Around this time every year, I call each of my college roommates. The five of us lived together on campus for the majority of our college careers. One roommate was a third generation legacy at the school. Another was the son of an influential West Coast pastor. The third was a native New Yorker with a keen understanding of economics. The fourth, a gifted writer who came to college from a Quaker prep school.
Then there was me, a kid from Georgia who graduated from public school and was making his first extended stay north of the Mason Dixon line.
I wouldn't trade anything for the time the five of us lived together on campus, but our collective life was not always rosy. We had starkly different politics -- one of my roommates was a far right Republican. We certainly didn't share faith traditions -- one roommate was effectively an atheist and another a Bahà'i. And we constantly argued who wasn't pulling their weight on the hall chores and who wasn't respecting the other roommates.
In spite of our differences and conflicts, we chose to renew our roommate relationship every year. When the housing conversation came up and each of us was given the option of rooming with someone new the next school year, we declined. We chose to stick together.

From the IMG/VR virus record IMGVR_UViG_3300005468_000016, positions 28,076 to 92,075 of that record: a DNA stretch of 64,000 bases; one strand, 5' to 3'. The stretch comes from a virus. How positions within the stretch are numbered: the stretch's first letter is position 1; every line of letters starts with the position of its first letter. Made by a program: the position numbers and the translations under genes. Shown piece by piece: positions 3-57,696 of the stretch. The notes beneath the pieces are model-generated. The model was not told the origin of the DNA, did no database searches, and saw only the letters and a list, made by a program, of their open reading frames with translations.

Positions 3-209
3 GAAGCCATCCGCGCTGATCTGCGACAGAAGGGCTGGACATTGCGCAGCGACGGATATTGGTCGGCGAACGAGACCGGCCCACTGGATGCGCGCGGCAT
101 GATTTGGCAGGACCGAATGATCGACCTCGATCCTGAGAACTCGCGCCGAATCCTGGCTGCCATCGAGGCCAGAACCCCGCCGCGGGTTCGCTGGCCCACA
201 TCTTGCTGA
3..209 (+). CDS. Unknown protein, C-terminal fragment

Sticking together gave us the chance to learn from the other guy's perspective. That was as valuable as anything we learned in class. We found ways to navigate our conflicts and recognize the things we had in common. We figured out how to care about each other's hopes and dreams even if those hopes and dreams seemed unimportant to us.
I tell people that my four roommates and I exemplified how a group with diverse ideas and beliefs can live together productively. It's an example that deserves more focus in the United States of America today. Our country has sharp divisions right now. Citizens are self-segregating by fleeing to homogenous communities, seeking to establish new cities and even offering secession motions in various legislatures. But, we can live together productively if we decide that's what we want to do. My roommates and I did year after year after year. Ours was a small model, but it was definitely a working model.
My roommates' lives now are as different as they were back in college. One is a Tea Party spokesman. Another is a deputy sheriff. The third is a venture capitalist. The fourth, a journalist. That's why I make sure to call them, a lot actually, but around this time of year especially. I call them because I am thankful for them. We still argue and disagree about many of the issues of the day, but also recognize the importance of each other's perspectives. We all agree that our talks lead each of us to better decisions on a whole range of questions at the end of the day. And we all agree that choosing to stick together works.
Karl Douglass, Columbus native and resident, is a frequent commenter on local, state and federal politics. Follow him on Twitter@KarlDouglass or facebook.com/karldouglass.